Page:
The research also found that 72 percent of councils were involved in at least one joint venture in 2021, up from 57 percent in 2019.

The report stated the reason for the increase stems from “a wish to share the risk, inject more investment into a project or provide more experience than the council may have”.

The New Homes Quality Board (NHQB) has launched a consultation on a new code of practice for house builders, reports Inside Housing.

The board aims to address gaps in protections for buyers. It introduces additional requirements for builders, such as having an effective after-care service in place to deal with any issues.

Natalie Elphicke, Conservative MP and former chief executive of the Housing & Finance Institute, is the chair of the board.

Speaking on the NHQB’s launch, she said: “The launch of the consultation on the New Homes Quality Code is a major milestone in our work to introduce a new and comprehensive framework of protections for homebuyers.”

Retail, Leisure & Hospitality

Former staff at Brewdog have alleged a “culture of fear” at the beer firm with a “toxic attitude” to junior employees, BBC News reports.

In an open letter, signatories said a “significant number” of former staff had “suffered mental illness as a result of working at BrewDog”.

They claimed that the firm was built around a “cult of personality” of founders James Watt and Martin Dickie.

The number of empty stores on Oxford Street has risen by nearly a fifth since the start of 2021, as pandemic-led lockdowns took a toll on the high street.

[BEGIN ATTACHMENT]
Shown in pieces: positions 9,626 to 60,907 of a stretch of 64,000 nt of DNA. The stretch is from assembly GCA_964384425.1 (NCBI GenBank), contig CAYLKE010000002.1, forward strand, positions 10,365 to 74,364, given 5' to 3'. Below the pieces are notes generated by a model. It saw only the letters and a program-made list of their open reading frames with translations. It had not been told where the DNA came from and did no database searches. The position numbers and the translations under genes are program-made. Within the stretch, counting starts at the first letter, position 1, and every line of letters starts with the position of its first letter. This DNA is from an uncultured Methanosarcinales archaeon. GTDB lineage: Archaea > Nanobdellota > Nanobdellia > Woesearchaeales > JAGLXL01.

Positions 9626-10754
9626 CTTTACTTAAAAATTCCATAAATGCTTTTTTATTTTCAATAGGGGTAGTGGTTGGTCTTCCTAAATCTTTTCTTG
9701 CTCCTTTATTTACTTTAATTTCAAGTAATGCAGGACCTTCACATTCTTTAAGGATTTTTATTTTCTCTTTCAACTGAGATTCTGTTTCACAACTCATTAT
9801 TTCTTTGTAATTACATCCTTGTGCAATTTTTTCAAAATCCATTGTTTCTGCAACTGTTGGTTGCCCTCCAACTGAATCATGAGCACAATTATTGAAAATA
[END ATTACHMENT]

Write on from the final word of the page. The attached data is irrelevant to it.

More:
Some 17 percent of stores on London’s most famous street have closed since January, according to research by Property Week.

Among the most famous and largest of the empty shops is Topshop’s flagship store that sat next to Oxford Circus tube station. Before the pandemic, the goliath shop spread across three floors and hosted thousands of products from both Topshop and concession brands.

Model railway maker Hornby has reported a big jump in annual sales after people rediscovered their love of hobbies during lockdown, according to BBC News.

The firm, which also sells Scalextric, had sales of £48.5 million for the year to 31 March 2021, up 28 percent on the year before.

It said children and adults alike had bought its toys in the pandemic as they sought “comfort” in stressful times.

More than two-thirds of Morrisons shareholders have voted against the supermarket’s plan to hand bosses bumper payouts after removing the £290 million cost of dealing with Covid-19 before calculating bonuses.